Perceptions of media value and brand equity among marketers are at an all-time low. Trust in media among consumers, which have been among the lowest of any institution except Congress, are in danger of falling into the single digits. These and a wealth of new and previously unreported insights are included in a new MediaVillage report from Jack Myers TomorrowToday. The report shares insights on how the media community can overcome its failure to recognize or effectively respond to the transformation that has been underway since the introduction of the Internet browser in 1993 and that our data suggests will lead to a steep decline in advertising investments in traditional video advertising (exclusive of Facebook, Google, Amazon and selected new competitors) beginning in 2021/22.
Every industry is managing, with varying degrees of competence, through a 30-year technological, cultural, economic and competitive transformation that has entered its final stage, marked by corporate contraction, consolidation and collapse. Television networks, and all but a handful of digital media companies, are – or soon will be -- experiencing declines in ad revenues parallel to those confronting print media for the past two decades.
In my presentation to MediaVillage member companies that underwrote the study, I focus on growth strategies in a zero-growth economy. Marketing has been a zero-growth business since 2000, with average annual growth less than 0.5%. Further declines in total marketing spend are forecast to continue through the second half of the next decade. Between 2000 and 2020, investments in legacy advertising will have declined from $154 billion to $114 billion, according to TomorrowToday data, while digital media investments will have increased to a projected $109 billion. However, the share of digital advertising budgets accruing to legacy broadcast, cable, radio, print and out-of-home media declined from 45% in 2016 to a projected 30% share in 2018. TomorrowToday projects that TV/Video ad spending in 2018 and 2019 will be flat to down except for Facebook, Google, Amazon and selected OTT and commerce-based digital offerings.
In addition to insights from my four decades of reporting on the media business and the cultural impact of new technologies, the TomorrowToday report is based on my personal conversations and focus groups with more than 200 marketers, agency executives and media company leaders conducted over the past 18-months, an in-depth survey conducted among 750 advertiser and agency respondents, plus the industry's most thorough economic analysis and forecast of legacy/linear and digital advertising, shopper marketing and trade communications.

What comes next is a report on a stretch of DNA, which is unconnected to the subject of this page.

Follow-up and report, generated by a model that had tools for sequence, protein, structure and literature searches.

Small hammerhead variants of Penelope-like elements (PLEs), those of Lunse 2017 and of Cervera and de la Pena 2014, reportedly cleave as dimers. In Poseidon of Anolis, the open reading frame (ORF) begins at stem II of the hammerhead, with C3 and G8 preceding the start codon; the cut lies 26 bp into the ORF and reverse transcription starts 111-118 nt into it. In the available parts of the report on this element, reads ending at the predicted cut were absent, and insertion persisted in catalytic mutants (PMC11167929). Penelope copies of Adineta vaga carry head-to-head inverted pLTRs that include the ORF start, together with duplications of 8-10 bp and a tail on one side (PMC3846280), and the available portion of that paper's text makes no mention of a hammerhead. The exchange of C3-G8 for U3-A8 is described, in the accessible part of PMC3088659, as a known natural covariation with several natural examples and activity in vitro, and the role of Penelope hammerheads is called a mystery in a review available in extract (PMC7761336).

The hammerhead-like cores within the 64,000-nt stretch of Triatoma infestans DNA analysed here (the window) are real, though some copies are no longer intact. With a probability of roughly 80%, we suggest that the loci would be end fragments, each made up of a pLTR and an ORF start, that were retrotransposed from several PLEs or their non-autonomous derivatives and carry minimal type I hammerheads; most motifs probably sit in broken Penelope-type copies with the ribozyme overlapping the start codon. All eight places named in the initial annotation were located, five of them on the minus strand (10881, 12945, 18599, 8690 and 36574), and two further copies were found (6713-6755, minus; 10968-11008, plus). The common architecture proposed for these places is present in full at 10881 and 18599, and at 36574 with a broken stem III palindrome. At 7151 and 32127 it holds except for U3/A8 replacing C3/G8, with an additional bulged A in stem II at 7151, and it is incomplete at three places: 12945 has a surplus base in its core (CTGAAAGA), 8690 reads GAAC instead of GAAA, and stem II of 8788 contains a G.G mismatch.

The economic challenges confronting media are compounded by changing marketing priorities and realities. The average corporate brand manager and chief marketing officer for top 200 national advertisers invest less than 10% of their time, attention and priorities on advertising and media. Only an estimated 5% of marketing executives who influence media/advertising decisions are exposed to regular communications from media sales organizations or media trade publications. Their day-to-day understanding of media is disproportionately impacted by industry problems, including transparency, fraud, ratings under-delivery, data inaccuracies, and competitive confusion. Executives with brand management responsibility, confronted with these concerns, find greater security in the walled gardens of Google, Facebook and Amazon.
While brand safety and trust have been elevated to the forefront of Upfront sales messages, these issues are simply table stakes that are having limited impact on ad spending decisions. Similarly, mass audience reach, quality of audience demographics and relevant targeted audiences, while relevant considerations, do not deliver a significant competitive advantage for TV networks as they compete with their primary digital competitors or with each other.
In my report, I identify six resources and support services that are most influential in generating growth in a zero-growth market. Each, however, depends upon leadership and, most importantly, effective communication of that leadership. Unfortunately, media ranks last among 15 industries in communicating value and leadership through content marketing. The Content Marketing Association reports that the most effective marketers allocate an average 42% of their B2B marketing budgets to content marketing, up from 37% in 2016. The least effective allocate under 15% to content marketing and thought leadership. Media companies, including media agencies, invest 2% to 8% of their B2B marketing budgets in thought leadership, and typically their messages focus on superiority within their competitive set while ignoring the topics that are most relevant to marketers. Even more challenging is the difficulty in reaching and impacting the vast majority of influencers who are not living in the small bubble of advertiser and agency executives who are exposed to traditional ad trades and conferences.
The TomorrowToday Report shares solutions and recommendations for media organizations, focusing on generating revenue growth in a zero-growth market. For details, contact me at firstname.lastname@example.org.